COVID-19 reinfection and its consequences. Op-Ed by Ala Tocarciuc

"The same precautions used to prevent infection - masks, social distancing, vaccinations and others - work equally well to avoid reinfection...."



Re-infection with the virus that causes COVID-19 means that a person gets infected, recovers and then gets reinfected again. After recovery from COVID-19, most people will have some protection against reinfection. However, after COVID-19, reinfection occurs more frequently. With the Omicron variant in circulation, which is highly contagious, it is becoming less and less unusual to have COVID-19 three - or even four - times.


The year 2023 is expected to be the year of repeat infections of COVID-19


The bad news is that all these new variants of Omicron are causing most reinfections now. But the good news is that the Omicron variants appear to be less virulent, meaning that they are less likely to cause more serious disease than the original Wuhan strain or the Delta variant.


It is supposed that those who have never had COVID-19 are more at risk of contracting a virus from the Omicron family this year.


Is reinfection good or bad for you?


It is already known that people who are recovered of COVID-19 retain antibodies that offer some protection against reinfection for some time. However, the consequences of repeat infections can lead to unexpected health problems in the future.


With each new infection, the body's resistance decreases more and more until, with enough attacks, it reaches the danger zone.


That's why it's important to avoid a second or third infection to try to stay healthy.


A preliminary study by Washington University in St Louis analyzed the medical records of more than 5.4 million Veterans Administration patients.


The study authors noted that adverse health effects were lowest in people with one infection, increased in people with two infections and were highest in people with three or more infections. Risks to lung, kidney and gastrointestinal health were also higher among those re-infected.


The main conclusion of the study was that reinfection with COVID-19 increases the risk of both acute outcomes and long-term COVID. This was evident in unvaccinated, vaccinated people, including those vaccinated with boosters.

Factors directly affecting reinfection


The person's state of health:

- The period that has passed since the previous infection because antibodies tend to decrease over time.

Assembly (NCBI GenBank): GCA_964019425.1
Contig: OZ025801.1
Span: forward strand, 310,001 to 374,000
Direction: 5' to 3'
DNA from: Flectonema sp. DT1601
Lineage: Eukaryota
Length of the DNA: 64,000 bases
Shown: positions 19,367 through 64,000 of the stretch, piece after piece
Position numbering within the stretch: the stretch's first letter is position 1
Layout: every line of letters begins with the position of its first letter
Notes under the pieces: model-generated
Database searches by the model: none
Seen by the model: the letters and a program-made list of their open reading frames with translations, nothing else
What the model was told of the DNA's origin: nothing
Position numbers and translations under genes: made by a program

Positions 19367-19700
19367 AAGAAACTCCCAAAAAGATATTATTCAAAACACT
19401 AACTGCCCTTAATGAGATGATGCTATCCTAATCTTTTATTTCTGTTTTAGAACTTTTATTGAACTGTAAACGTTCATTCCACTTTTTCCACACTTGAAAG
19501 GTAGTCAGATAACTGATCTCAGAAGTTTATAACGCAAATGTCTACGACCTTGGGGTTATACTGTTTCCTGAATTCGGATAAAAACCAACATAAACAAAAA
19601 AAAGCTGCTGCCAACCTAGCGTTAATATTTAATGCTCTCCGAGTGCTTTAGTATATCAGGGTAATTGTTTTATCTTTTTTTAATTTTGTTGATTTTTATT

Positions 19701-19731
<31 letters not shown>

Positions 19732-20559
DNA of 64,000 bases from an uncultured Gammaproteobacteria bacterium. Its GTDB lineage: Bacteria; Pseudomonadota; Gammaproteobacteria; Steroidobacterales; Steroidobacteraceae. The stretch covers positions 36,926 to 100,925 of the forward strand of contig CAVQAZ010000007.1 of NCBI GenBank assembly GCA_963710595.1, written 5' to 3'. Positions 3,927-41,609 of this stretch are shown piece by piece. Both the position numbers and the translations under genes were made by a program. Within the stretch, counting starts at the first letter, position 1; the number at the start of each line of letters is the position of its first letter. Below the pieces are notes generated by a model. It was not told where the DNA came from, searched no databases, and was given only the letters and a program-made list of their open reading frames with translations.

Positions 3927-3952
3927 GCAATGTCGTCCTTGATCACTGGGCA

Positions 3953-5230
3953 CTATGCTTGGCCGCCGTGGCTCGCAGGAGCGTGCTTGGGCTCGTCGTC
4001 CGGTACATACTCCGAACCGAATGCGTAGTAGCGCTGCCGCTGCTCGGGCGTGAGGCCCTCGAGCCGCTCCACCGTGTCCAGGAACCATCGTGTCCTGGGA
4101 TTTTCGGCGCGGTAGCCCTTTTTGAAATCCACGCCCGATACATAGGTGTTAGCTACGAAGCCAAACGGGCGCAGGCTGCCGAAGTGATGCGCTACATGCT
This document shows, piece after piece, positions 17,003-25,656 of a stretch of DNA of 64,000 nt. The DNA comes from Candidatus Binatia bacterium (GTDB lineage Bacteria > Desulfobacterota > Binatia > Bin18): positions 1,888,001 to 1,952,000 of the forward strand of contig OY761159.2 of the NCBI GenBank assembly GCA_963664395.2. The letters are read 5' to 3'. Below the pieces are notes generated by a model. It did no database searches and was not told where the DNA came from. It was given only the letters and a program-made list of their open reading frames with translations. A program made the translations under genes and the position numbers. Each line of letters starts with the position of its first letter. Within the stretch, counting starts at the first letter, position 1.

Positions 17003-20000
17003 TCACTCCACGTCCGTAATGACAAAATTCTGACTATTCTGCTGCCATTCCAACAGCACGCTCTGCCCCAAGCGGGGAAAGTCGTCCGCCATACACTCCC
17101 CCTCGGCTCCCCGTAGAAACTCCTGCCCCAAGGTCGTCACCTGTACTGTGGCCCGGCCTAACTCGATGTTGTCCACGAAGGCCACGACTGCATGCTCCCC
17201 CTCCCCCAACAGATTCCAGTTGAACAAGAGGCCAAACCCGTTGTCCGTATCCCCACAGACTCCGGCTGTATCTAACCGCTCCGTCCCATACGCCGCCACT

- Vaccination, revaccination, periods after vaccination.

- General personal immunity, low immunity is a risk factor.


Virus and its status:

- Circulating variants, differences between previous variants and current variants.


What are the public health consequences of COVID-19 reinfection?


Current research shows that being infected with COVID-19 multiple times - an increasingly common scenario as the pandemic continues and more transmissible variants emerge - can have aggravating consequences and pose additional public health risks.


According to studies, people who had more than one COVID-19 infection been three times more likely to be hospitalized and twice as likely to die than those who had only one infection. People with multiple infections were also more vulnerable to other dangerous conditions; they were 3.5 times more likely to develop lung problems, 3 times more likely to have heart disease and 1.6 times more likely to have brain changes requiring care, than people who had COVID-19 only once.


Repeated infections may also increase the risk of long-term infection with COVID-19. It is not yet clear what exactly puts people at risk of developing symptoms that may persist long after the active infection has disappeared, and any encounter with SARS-CoV-2 could trigger any process that causes long-term COVID. Repeated infections only increase its chances.


How do we protect ourselves against reinfection?


The same precautions used to prevent infection - masks, distancing, vaccinations and more - work equally well to avoid reinfection.


To protect themselves and others who may be at greater risk, especially such as elderly relatives, people should:

- Be vaccinated with a bivalent vaccine (at least three months after the previous infection).

- wear a mask in high-risk environments.

- consider using rapid antigen tests before attending specific events or gatherings to reduce the likelihood of infecting others who may be particularly vulnerable.

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